As to the first certified question, the Second Circuit, following a review of Congressional intent and the legislative history and the language of certain provisions of the Copyright Act and the DMCA, vacated the district court’s grant of summary judgment to Plaintiffs as to Vimeo’s liability for infringement of videos containing sound recordings fixed prior to February 15, 1972, finding that the DMCA’s safe harbor provisions applied with respect to claims of infringement with respect to pre-1972 sound recordings. Vimeo, at 21-37.
The Second Circuit Further Circumscribes Red Flag Knowledge
As to the second certified question, the Second Circuit concluded that Plaintiffs’ evidence was insufficient to prove that Vimeo had "red flag knowledge" of infringement. At issue was the fact that Vimeo employees had viewed "user-generated videos containing all or virtually all of a recognizable, copyrighted song." Id., at 38. Previously, under Viacom, the Second Circuit grappled with the difference between "actual and red flag knowledge" and found that "red flag" knowledge requires proof that the ISP was "subjectively aware of facts that would have made the specific infringement ‘objectively’ obvious to a reasonable person." 676 F.3d at 31. The Second Circuit in Vimeo expounded on this and stated that the "hypothetical ‘reasonable person’ to whom the infringement must be obvious is an ordinary person – not endowed with specialized knowledge or expertise concerning music or the laws of copyright" and emphasized, as it stated in Viacom, that §512(m) "makes clear that the service provider’s personnel are under no duty to ‘affirmatively seek’ indications of infringement." Vimeo, at 39.
With these guidelines set out, the Vimeo Court concluded that the "mere showing that a video posted by a user on the service provider’s site includes substantially all of a recording of recognizable copyrighted music, and that an employee of the service provider saw at least some part of the user’s material, is insufficient to…[prove] that the service provider had either actual or red flag knowledge of the infringement….for many reasons." Id., at 44-45.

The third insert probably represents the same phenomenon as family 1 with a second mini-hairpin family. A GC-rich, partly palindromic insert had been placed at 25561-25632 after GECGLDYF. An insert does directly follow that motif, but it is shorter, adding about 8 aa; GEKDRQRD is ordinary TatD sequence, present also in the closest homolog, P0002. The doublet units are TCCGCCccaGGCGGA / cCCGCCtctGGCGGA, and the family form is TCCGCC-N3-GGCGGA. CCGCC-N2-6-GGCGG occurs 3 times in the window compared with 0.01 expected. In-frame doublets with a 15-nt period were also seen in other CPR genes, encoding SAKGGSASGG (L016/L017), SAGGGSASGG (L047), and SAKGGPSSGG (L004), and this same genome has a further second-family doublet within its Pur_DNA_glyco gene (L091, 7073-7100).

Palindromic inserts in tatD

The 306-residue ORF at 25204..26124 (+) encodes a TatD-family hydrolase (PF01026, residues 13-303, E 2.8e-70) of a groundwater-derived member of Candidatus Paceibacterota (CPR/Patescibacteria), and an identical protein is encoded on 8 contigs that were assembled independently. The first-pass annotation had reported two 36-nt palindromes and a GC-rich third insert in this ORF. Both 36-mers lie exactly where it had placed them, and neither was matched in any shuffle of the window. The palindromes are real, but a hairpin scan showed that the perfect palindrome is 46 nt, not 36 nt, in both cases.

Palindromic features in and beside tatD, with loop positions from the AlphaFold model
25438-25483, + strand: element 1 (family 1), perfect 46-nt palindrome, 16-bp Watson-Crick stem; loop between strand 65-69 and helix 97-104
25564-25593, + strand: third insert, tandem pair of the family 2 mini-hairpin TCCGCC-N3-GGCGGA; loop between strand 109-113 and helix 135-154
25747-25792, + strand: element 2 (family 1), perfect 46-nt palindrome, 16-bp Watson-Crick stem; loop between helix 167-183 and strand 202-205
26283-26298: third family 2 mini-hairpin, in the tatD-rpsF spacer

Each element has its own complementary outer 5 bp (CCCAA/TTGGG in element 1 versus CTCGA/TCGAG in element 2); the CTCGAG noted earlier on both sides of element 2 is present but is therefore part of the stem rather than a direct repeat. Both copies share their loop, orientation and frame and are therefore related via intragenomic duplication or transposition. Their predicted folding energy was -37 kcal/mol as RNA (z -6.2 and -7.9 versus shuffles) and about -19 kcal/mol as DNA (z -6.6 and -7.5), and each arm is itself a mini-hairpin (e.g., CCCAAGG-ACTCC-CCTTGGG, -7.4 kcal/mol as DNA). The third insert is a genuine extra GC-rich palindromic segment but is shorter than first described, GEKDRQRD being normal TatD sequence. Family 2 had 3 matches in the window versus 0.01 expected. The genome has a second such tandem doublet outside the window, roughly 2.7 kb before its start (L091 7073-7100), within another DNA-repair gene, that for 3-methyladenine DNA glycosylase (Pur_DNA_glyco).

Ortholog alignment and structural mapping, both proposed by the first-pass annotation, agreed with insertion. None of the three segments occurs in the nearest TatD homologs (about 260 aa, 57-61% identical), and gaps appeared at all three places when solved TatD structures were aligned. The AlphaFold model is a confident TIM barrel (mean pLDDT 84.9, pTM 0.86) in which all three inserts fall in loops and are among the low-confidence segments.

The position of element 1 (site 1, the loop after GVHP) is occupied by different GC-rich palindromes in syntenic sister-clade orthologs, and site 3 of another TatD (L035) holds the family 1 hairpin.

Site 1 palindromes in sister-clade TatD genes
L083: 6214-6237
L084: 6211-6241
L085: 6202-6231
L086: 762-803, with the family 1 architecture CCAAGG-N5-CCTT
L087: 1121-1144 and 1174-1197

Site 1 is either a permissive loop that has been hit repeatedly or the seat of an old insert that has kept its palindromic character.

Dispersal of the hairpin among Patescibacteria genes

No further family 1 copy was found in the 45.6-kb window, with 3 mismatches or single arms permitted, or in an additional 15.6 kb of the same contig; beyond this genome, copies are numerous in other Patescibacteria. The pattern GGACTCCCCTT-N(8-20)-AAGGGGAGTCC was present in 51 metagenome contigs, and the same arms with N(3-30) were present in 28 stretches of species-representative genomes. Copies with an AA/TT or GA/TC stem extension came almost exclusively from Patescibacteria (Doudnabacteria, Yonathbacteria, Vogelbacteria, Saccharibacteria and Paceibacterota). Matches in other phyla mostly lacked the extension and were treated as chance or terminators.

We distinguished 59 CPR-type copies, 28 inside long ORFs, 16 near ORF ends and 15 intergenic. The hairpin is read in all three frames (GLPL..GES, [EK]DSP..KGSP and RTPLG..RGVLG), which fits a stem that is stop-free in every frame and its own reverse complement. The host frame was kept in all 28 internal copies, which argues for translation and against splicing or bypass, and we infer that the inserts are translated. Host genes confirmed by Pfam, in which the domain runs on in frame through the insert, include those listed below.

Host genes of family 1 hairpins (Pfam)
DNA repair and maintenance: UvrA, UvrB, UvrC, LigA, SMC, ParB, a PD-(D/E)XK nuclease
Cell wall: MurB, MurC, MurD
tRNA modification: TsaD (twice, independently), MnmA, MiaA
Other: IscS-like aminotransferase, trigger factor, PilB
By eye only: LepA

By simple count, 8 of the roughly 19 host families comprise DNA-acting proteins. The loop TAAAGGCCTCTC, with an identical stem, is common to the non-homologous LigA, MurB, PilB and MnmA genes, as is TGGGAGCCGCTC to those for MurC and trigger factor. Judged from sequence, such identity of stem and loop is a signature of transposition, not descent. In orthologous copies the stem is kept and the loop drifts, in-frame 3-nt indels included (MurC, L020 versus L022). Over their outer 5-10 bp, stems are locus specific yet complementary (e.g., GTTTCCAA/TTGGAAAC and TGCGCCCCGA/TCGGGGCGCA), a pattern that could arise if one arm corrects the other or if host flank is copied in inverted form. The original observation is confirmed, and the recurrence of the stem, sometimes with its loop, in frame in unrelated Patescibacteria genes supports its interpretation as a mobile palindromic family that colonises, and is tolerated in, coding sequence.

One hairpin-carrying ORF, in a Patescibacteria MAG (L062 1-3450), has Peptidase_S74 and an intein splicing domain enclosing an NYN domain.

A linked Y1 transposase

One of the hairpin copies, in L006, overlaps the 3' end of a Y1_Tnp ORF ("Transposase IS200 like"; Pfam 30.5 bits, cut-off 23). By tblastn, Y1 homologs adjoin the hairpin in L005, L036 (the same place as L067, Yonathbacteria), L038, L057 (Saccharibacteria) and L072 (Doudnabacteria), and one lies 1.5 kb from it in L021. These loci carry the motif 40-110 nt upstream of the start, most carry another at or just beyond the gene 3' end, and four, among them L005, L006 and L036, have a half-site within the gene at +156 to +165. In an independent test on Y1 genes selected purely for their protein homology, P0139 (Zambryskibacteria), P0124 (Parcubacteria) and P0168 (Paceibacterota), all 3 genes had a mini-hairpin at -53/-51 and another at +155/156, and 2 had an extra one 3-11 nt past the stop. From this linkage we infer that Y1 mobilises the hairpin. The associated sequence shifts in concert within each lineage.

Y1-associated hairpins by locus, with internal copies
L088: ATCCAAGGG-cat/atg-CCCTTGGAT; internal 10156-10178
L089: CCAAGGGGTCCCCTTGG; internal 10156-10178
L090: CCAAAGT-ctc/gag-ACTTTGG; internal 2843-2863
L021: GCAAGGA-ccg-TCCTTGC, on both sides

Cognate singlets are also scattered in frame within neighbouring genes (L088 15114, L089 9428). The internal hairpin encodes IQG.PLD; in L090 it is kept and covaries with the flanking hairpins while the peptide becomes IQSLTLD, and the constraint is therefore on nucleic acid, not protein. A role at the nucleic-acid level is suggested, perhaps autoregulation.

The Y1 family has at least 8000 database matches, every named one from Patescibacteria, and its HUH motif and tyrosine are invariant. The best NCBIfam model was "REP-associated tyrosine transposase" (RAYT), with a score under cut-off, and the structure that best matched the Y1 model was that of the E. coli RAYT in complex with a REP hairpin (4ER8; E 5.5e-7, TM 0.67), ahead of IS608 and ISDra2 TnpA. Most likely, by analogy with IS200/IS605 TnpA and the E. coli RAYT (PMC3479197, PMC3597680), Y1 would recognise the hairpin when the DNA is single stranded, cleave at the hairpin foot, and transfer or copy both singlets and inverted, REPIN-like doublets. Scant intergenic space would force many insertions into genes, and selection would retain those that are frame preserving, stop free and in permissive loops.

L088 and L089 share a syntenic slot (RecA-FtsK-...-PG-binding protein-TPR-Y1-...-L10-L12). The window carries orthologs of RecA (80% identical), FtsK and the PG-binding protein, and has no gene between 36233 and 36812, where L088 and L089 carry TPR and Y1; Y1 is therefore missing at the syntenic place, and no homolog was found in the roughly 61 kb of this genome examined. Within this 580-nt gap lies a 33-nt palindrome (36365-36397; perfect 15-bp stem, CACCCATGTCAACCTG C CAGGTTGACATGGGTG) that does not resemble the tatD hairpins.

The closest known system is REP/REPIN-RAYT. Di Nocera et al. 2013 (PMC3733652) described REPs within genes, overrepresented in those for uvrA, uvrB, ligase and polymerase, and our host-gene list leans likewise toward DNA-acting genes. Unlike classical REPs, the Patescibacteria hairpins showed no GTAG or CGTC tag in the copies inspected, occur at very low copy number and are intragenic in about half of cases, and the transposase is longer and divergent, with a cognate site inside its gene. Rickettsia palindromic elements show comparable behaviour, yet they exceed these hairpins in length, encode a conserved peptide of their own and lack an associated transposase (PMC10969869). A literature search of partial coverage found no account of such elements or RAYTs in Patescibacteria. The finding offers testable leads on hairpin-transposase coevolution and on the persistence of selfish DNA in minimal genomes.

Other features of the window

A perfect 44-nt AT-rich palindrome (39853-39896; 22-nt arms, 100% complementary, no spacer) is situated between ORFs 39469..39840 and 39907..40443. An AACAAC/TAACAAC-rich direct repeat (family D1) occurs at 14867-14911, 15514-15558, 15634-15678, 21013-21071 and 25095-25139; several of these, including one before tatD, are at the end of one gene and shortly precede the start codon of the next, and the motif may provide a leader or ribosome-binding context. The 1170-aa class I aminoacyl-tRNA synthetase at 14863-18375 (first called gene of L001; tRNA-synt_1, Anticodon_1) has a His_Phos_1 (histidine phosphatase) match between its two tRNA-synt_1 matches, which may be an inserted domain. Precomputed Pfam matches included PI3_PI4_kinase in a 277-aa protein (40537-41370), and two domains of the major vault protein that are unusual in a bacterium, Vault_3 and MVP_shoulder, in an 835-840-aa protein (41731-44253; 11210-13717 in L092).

Thus, the Court observed that
- "the employee’s viewing might have been brief" and such a brief viewing would not allow an employee to "ascertain that [the video’s] audio track contains all or virtually all of a piece of music" (id., at 45);
- "the insufficiency of some viewing by a service provider’s employee to prove the viewer’s awareness that a video contains all or virtually all of a song is all the more true in contemplation of the many different business purposes for which the employee might have viewed the video." Thus, for example, an employee may have viewed the video to "detect inappropriate obscenity or bigotry… having nothing to do with recognition of infringing music" (id.);
- "the fact that music is ‘recognizable’ … or even famous … is insufficient to demonstrate that the music was in fact recognized by a hypothetical ordinary individual who has no specialized knowledge of the field of music" as "some ordinary people know little or nothing of music" and "[l]overs of one style or category of music may have no familiarity with other categories" or "know and love entirely different bodies of music." (id., at 45-46);
- "employees of service providers cannot be assumed to have expertise in the laws of copyright" and thus, "cannot be expected to know how to distinguish, for example, between infringements and parodies that may qualify as fair use" or whether the user had authorization to use the music (id., at 46-47); and
- "[n]or can every employee of a service provider be automatically expected to know how likely or unlikely it may be that the user who posted the material had authorization to use the copyrighted music" (id., at 46-47).
In sum, the Court found that "a showing by plaintiffs of no more than that some employee of Vimeo had some contact with a user-posted video that played all, or nearly all, of a recognizable song is not sufficient to satisfy plaintiffs’ burden of proof that Vimeo forfeited the safe harbor by reason of red flag knowledge with respect to that video. Id., at 49.
The Vimeo Court also made important determinations as to the burdens of proof under the DMCA, holding that "[a] service provider’s entitlement to the safe harbor is properly seen as an affirmative defense" and, therefore, the service provider "undoubtedly bears the burden of raising entitlement to the safe harbor and of demonstrating that it has the status of service provider, as defined, and has taken the steps necessary for eligibility." Id, at 40. Thus, the Court held that "a defendant would, in the first instance, show entitlement to the safe harbor defense by demonstrating its status as a service provider that stores users’ material on its system, that the allegedly infringing matter was placed on its system by a user, and that it has performed precautionary, protective tasks required by § 512 as conditions of eligibility." Id. at 42-43.